I tell you, the experience of resting in a quiet place where the pace of life was delightfully slow all around did us the world of good.  The retirement village is on an escarpment overlooking a gorge with spectacular views. Down a steep drop, covered by lush vegetation with cockatoos, cookaburras, colorful parrots flying above you reach the river along which early Aboriginal tribes lived.  It is now a national park.  A couple of times I ventured down to the river (to the surprise of some of the residents who regarded me as singularly athletic) and revelled in the blue sky, green river, with white gums trees in sharp contrast all around.  Again, during these precious days, we caught up with friends we have known for many years (and pottered around at a pace that anticipates retirement years ahead).  How grateful we are for generous thoughtful Christian friends.   As we were shortly to discover , these slow days proved vital rest before the speeded-up calendar since returning to Chicago.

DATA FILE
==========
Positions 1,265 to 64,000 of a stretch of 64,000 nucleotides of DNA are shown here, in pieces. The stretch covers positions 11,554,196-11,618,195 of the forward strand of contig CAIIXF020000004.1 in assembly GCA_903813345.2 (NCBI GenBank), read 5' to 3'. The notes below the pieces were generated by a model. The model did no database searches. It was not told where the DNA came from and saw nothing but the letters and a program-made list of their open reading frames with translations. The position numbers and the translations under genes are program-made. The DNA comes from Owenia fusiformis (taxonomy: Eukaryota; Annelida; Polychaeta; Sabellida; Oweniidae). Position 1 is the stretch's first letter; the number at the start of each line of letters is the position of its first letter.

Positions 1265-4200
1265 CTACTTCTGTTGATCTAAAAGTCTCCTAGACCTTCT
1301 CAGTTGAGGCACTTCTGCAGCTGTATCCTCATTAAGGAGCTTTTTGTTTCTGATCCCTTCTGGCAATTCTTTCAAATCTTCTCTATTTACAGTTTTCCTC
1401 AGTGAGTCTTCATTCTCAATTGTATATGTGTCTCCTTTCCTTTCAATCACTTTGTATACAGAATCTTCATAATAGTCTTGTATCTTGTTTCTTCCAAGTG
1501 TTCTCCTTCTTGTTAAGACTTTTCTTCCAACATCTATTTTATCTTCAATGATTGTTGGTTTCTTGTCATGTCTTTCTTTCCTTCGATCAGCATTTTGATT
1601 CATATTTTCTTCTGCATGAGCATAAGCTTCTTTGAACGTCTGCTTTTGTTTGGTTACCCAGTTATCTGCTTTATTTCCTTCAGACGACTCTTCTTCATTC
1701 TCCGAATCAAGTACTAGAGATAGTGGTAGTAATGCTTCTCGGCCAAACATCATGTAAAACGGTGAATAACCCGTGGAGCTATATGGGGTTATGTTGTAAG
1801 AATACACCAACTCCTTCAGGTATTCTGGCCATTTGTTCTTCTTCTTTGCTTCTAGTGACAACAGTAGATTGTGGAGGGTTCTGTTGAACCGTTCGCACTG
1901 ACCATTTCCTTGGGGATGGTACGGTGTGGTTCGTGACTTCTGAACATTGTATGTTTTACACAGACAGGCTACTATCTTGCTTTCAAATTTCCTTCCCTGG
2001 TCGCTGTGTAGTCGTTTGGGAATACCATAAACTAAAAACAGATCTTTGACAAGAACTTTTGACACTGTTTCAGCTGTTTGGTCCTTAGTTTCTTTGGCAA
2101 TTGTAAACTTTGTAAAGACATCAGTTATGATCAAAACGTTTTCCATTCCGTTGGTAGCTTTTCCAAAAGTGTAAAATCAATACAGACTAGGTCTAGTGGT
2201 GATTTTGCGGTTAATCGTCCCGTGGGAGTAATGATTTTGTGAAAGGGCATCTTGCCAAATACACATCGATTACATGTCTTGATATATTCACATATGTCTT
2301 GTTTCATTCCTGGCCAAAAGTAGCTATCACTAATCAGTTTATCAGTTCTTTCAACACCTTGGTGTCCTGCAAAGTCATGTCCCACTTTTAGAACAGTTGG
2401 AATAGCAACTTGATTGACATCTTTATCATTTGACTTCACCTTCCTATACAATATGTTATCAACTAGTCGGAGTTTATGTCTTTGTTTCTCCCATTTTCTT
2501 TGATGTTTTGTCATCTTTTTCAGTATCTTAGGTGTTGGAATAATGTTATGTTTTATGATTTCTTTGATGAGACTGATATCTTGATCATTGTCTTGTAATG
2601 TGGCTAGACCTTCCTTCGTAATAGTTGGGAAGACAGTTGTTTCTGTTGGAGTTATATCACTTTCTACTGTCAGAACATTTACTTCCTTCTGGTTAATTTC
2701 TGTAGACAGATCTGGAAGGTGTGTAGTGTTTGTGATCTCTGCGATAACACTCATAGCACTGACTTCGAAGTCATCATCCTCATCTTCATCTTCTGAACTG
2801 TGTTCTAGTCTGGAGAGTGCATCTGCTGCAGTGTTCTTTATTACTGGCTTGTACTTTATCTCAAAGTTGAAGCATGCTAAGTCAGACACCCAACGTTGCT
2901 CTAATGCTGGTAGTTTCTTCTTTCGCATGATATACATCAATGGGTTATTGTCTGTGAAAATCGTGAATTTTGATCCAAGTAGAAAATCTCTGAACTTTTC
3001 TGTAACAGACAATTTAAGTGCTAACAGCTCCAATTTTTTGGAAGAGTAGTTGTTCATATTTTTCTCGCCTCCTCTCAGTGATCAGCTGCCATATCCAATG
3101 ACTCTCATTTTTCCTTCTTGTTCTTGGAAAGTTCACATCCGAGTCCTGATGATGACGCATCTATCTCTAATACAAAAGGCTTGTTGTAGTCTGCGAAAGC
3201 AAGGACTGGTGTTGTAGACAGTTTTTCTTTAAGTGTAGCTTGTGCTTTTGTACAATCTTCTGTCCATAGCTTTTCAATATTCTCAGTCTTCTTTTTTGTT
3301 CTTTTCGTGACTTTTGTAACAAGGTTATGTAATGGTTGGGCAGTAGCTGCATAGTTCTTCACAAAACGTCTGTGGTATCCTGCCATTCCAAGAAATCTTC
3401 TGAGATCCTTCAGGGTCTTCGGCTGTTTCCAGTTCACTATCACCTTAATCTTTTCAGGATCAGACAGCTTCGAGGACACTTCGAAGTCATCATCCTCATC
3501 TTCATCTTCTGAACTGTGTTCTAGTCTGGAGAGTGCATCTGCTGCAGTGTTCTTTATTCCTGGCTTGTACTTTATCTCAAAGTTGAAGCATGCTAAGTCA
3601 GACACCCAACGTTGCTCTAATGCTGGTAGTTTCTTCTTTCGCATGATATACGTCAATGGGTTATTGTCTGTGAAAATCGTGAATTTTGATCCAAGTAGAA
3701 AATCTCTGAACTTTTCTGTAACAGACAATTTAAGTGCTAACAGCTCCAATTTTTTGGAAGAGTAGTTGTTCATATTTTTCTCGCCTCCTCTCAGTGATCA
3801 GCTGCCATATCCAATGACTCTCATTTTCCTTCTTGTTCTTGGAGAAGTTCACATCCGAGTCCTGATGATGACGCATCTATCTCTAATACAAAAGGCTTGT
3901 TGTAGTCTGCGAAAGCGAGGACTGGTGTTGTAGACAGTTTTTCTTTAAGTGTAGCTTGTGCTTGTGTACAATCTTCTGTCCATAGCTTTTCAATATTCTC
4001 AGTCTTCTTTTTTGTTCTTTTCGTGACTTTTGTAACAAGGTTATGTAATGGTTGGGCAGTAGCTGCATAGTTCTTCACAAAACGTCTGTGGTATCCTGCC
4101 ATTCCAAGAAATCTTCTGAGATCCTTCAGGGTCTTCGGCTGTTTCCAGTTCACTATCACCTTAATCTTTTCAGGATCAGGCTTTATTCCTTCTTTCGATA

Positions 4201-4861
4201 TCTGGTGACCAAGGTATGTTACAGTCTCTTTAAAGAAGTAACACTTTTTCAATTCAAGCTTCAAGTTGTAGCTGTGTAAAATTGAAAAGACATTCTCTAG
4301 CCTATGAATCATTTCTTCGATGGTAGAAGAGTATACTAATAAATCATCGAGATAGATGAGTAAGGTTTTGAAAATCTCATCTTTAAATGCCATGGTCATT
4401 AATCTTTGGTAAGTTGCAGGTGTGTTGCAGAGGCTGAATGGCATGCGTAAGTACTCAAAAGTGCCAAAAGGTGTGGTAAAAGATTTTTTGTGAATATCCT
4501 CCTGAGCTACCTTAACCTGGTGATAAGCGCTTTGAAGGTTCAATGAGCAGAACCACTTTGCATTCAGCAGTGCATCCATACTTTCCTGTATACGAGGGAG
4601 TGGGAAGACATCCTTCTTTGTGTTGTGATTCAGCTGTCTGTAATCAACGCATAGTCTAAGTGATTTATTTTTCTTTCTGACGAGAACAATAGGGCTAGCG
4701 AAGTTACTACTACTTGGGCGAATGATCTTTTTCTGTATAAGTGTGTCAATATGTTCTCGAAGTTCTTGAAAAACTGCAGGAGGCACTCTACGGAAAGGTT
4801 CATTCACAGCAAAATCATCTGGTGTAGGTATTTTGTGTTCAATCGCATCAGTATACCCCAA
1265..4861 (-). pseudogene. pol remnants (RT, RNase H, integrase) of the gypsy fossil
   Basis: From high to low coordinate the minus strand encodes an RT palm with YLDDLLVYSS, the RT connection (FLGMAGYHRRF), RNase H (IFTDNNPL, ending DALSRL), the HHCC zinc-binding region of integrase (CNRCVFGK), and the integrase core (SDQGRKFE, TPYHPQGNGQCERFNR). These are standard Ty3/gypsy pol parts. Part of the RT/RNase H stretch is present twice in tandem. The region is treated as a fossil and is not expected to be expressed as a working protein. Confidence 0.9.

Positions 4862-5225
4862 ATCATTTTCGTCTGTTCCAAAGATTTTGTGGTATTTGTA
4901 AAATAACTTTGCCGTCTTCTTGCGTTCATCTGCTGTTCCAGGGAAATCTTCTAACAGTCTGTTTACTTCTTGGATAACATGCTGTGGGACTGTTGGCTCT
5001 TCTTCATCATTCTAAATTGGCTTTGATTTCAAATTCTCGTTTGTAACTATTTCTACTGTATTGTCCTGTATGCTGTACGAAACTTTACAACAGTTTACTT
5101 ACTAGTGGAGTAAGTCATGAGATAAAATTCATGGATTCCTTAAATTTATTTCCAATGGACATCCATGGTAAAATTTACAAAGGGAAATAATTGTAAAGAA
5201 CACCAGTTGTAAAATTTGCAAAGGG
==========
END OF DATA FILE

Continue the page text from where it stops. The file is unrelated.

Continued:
Sunday, September 22, 2013

Australian Highlights (3)

It is possible that some readers will think we are currently lost somewhere in Australia because my highlights suddenly ceased! My silence since partly resulted from patchy internet access in Sydney (our next stop),  even less access in China (on the way home), and then tumultuous frantic re-entry in the US coinciding with the beginning of term.